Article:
PORTLAND – After the football games, big Mike DeSimon would remove his cleats and gingerly roll socks off feet already turned purple and swelling. The bruised flesh was a lineman’s wound from too much contact with his opponents’ feet.
Fifty years later, the memories were still fresh in DeSimon’s mind. Standing next to him Saturday night, Willie Greenlaw showed no sympathy. Considering all the running he did on his ankles, Greenlaw said, his looked fine.
“That’s because I protected you so well,” said DeSimon. “You’re the reason my ankles looked that way.” The former Portland Sea Hawks teammates looked at each other, waiting to see who would smile first.
This is what happens at reunions of men who dripped blood and sweat together on the grass at Portland Stadium a long, long time ago. In 1960 and for four or five years afterward, the Portland Sea Hawks were bigger than the Maine Mariners, who arrived in town a decade later. Bigger than the Portland Pirates, Sea Dogs and Red Claws.
Crowds estimated at 10,000 and more would fill what is now Fitzpatrick Stadium. When he had a moment, Ken Peterson recalled, he would look around and not see an empty seat or a bare spot of ground on which to stand.
The Sea Hawks and later the Mustangs and the Griffin Club were teams of high school and college graduates, many from the Portland area. They were men who reported to work on Mondays as teachers, salesmen, factory workers, policemen, all nursing bodies that ached from the intense and sometimes vicious contact from the day before.
“You went to work with a couple of broken ribs,” said Mike DeSimon. “You had to.”
“I got $45 (a game) and I would have paid that to play,” said Jerry Davis, a former high school history teacher and coach who now represents Falmouth in the Maine Senate. Back then, he was a center and nose guard and a team captain. “I played at Bates after high school and I didn’t want it to end.”
Fifty years ago, Portland was a small city with the neighborliness of a small town. When Davis walked down Congress Street, people talked to him about the last game and wished him well in the next.
They played in the New England Semi-Pro Football League and were conference champions in 1960 and 1961. Two years later the Sea Hawks joined the more competitive Atlantic Coast Football League, which took them to Newark to play the Bears and Pittsburgh to play the Ironmen.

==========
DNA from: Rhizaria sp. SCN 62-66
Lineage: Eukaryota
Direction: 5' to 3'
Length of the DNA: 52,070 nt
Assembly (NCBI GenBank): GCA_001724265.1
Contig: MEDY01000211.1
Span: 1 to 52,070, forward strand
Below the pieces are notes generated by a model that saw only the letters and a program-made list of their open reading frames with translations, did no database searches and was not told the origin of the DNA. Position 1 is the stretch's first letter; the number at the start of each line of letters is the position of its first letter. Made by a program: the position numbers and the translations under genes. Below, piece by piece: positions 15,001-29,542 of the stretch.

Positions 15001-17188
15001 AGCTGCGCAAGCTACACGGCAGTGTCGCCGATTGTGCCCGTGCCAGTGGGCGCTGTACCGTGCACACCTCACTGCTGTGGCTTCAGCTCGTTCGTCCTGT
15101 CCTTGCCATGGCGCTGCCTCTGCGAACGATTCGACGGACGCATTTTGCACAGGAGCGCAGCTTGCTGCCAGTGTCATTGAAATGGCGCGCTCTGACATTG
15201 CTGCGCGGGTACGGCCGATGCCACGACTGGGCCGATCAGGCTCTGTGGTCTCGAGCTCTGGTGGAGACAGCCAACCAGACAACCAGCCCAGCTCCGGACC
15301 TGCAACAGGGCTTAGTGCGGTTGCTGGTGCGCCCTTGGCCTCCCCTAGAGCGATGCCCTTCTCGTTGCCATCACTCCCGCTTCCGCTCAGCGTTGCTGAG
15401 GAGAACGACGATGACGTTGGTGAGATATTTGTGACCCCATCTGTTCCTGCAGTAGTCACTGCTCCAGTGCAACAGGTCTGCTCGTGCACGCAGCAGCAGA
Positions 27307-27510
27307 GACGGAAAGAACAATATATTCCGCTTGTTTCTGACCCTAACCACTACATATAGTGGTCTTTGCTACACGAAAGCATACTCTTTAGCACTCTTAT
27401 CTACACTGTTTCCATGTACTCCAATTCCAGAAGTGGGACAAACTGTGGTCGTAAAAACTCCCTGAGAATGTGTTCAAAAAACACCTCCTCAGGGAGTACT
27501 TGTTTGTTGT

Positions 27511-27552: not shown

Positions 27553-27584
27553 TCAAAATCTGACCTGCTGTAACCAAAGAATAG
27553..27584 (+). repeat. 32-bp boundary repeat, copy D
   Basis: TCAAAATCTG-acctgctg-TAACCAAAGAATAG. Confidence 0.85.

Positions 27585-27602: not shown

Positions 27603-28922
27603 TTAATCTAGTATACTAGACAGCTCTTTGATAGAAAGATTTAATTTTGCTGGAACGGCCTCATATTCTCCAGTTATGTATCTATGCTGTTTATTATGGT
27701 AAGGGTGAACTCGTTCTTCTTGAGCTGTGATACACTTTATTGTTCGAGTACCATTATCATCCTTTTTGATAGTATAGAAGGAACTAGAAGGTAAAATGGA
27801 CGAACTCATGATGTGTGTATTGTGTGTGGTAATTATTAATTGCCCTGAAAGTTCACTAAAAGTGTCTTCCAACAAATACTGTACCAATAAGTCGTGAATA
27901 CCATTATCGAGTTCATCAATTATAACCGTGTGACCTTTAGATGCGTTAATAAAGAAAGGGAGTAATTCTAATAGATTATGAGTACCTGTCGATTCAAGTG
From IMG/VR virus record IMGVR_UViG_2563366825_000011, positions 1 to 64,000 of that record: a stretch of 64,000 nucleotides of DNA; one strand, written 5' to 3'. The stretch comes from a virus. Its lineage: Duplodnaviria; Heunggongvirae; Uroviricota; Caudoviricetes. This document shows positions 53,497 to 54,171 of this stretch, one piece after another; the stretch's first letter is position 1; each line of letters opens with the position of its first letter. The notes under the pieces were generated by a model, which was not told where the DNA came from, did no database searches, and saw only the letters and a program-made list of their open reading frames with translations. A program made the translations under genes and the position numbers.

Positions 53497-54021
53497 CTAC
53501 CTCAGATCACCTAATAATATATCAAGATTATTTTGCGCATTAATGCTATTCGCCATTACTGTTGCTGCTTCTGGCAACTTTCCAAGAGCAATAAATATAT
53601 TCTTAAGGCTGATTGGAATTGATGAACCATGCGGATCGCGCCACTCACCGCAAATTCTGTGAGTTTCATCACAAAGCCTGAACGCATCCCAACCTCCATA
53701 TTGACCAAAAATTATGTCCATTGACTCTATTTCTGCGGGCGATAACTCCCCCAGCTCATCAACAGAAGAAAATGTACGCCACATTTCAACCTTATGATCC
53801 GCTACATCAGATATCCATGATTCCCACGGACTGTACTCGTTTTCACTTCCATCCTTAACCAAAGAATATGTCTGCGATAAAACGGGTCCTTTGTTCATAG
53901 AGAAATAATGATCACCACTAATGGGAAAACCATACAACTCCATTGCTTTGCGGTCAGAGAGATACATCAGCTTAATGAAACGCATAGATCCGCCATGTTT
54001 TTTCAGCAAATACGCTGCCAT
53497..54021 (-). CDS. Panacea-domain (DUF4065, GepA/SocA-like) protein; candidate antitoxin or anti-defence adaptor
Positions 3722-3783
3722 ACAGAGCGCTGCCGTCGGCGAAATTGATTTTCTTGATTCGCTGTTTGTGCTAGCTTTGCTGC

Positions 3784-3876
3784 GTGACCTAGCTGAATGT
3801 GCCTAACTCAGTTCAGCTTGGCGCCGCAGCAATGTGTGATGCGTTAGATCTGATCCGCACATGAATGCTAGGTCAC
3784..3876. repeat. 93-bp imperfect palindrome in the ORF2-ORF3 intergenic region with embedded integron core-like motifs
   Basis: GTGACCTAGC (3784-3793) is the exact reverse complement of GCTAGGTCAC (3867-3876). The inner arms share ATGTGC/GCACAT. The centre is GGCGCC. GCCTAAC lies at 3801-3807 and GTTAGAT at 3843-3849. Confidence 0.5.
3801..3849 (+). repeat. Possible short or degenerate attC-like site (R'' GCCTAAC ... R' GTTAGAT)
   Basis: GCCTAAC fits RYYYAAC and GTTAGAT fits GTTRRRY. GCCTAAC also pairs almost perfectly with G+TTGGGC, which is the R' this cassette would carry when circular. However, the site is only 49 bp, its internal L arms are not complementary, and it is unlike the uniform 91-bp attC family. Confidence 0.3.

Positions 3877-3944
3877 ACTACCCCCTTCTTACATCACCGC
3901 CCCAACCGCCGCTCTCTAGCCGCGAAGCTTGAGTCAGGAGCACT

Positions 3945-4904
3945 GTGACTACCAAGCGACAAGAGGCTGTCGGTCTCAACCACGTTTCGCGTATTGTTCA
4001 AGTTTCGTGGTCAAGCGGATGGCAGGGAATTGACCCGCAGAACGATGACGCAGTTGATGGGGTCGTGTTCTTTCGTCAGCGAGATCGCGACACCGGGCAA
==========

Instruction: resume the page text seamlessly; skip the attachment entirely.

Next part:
“We’d travel by a chartered bus mostly, but sometimes we took a C-47 left over from World War II,” said Dave Parker of Portland. “I was never more scared. I’d look around and see other guys with their eyes this big. It was the noise. You never heard anything like it.”
Portland Press Herald sportswriters sometimes traveled on the team bus. Coming back from Boston after one game against the Sweepers, the bus stopped near the Merrimack River Bridge for a bathroom break. The late sportswriter Chubby McPhee, a small man, was held over the bridge railing, his feet pointed to the water.
“Stop insulting me,” said big Jim Patterson, a defensive end and Native American who some Sea Hawks said was a grandson of Jim Thorpe. “Tell me you’ll stop and I won’t drop you.”
More men and their wives walked through the doors at the Columbia Club in Portland’s East Deering neighborhood. They were in their 70s, mostly. Some had less hair and more weight but all carried themselves with the grace of athletes. They embraced each other with the gruff tenderness of teammates.
They noticed when Greenlaw arrived. He left Portland High to play and star at Nebraska and is in the Cornhuskers’ Hall of Fame.
“He didn’t have that Willie Greenlaw speed when he played with us but he was still quick,” said Parker. “Opponents tried to tackle him and they’d usually be grabbing grass.”
Howie Vandersea, the former Bowdoin College coach, remembers Greenlaw sitting on the team bench, smoking a cigarette. “He was also our punter and someone yelled to him to get into the game.”
Greenlaw put down his cigarette and ran onto the field. He faked the punt and ran 50 yards, diving into the end zone. The run is ranked on an Internet website as one of semi-pro football’s longest on a fake punt.
“He went back to the bench and started smoking a cigarette again,” said Vandersea. “He was amazing.”
A pile of white polo shirts, commemorating the Sea Hawks and the 50th reunion was stacked on a table — a gift from Bob Esposito at Yankee Ford. Some have rings from their championship season but the shirts, 50 years later, will mean something, too. Somebody remembered.
Mike DeSimon, a long-ago Cheverus grad, lingered over team photos. Gone, he said. Gone, gone, gone. Teammates are passing away.
The memories of a team that made thousands stand and cheer shouldn’t.
Staff Writer Steve Solloway can be contacted at 791-6412 or at: